With risk assessment measures in place, a bank is able to understand how exposed an individual person or a beneficial owner of a business is to financial crimes. Depending on their financial dealings and their levels of influence and access, they may need to have their financial activities more closely monitored than your typical individual account. With this kind of screening in place, banks are able to catch suspicious activity much faster and prevent money laundering on a much larger scale.

How Banks Frame Their Know Your Customer Process

Banks need to be up front and transparent about their KYC protocols, but that doesn’t mean they have to feel difficult for new customers. Typically, banks will go through the required documents with the customer and let them know what they’ll need to provide in order to open an account.

Most people have an understanding of the need for KYC measures, so it often isn’t a problem. If it is an issue, it’s unlikely the bank would want to take on that risk either way.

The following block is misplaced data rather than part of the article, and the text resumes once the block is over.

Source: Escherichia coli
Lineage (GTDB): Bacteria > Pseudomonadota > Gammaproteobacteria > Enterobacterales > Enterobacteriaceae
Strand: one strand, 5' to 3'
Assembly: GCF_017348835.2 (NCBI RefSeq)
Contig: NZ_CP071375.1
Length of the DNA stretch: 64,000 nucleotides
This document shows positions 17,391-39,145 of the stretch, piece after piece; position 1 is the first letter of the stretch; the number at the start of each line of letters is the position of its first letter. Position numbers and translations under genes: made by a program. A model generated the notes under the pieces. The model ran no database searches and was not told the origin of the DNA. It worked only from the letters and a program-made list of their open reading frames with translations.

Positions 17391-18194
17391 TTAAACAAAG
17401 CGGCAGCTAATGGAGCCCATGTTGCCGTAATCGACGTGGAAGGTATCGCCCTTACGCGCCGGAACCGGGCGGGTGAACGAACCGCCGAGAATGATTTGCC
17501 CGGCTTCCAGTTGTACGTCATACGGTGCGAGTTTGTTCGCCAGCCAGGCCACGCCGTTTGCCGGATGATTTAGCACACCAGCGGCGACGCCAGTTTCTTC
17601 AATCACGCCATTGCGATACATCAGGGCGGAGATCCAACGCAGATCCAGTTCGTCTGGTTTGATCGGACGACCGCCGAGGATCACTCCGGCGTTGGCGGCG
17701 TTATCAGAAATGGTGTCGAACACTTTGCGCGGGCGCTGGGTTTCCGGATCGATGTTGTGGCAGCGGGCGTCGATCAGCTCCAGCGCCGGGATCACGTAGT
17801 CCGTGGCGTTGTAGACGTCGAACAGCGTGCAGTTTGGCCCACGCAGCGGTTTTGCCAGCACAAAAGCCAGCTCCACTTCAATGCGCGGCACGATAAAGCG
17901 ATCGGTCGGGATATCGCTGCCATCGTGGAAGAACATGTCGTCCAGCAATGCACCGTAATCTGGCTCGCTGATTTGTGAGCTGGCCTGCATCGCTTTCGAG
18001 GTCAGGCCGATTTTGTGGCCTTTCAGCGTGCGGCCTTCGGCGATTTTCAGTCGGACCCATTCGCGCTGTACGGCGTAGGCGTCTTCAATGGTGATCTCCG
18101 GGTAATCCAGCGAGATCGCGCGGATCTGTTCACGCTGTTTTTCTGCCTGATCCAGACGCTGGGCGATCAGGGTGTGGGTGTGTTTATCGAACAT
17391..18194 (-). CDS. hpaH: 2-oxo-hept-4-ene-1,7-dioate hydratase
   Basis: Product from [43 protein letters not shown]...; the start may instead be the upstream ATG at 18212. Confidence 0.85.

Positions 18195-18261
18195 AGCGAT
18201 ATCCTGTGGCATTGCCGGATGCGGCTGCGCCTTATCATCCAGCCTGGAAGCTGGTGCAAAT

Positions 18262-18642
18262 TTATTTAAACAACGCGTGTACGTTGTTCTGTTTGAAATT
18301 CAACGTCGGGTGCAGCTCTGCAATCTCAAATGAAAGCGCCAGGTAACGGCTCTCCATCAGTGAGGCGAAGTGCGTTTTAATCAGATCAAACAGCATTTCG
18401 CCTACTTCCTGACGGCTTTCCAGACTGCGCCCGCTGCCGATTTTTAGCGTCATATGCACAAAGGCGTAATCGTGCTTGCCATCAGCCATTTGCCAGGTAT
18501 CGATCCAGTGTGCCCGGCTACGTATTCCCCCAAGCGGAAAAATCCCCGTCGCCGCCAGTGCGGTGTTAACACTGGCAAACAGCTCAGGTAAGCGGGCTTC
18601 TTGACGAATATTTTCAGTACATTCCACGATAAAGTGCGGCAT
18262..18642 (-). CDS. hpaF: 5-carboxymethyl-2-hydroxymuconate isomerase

How Banks Verify Identity

Banks can verify identity in a number of ways, but the primary methods are with photo ID, social security numbers and proof of address. A combination of identifying documents allows them to check that the customer is indeed who they say they are and minimize risk for the bank. Making sure to do due diligence also helps the banks stay on top of their at-risk customers.

Electronic know your customer (eKYC) is also becoming increasingly popular. This is especially the case with more people needing to set up their accounts remotely. Of course, electronic know your customer is seemingly a more difficult prospect for banks. It stands to reason that being unable to verify identity in person makes a bank more exposed to risk. Let’s talk more about eKYC and how it’s developing in the modern world.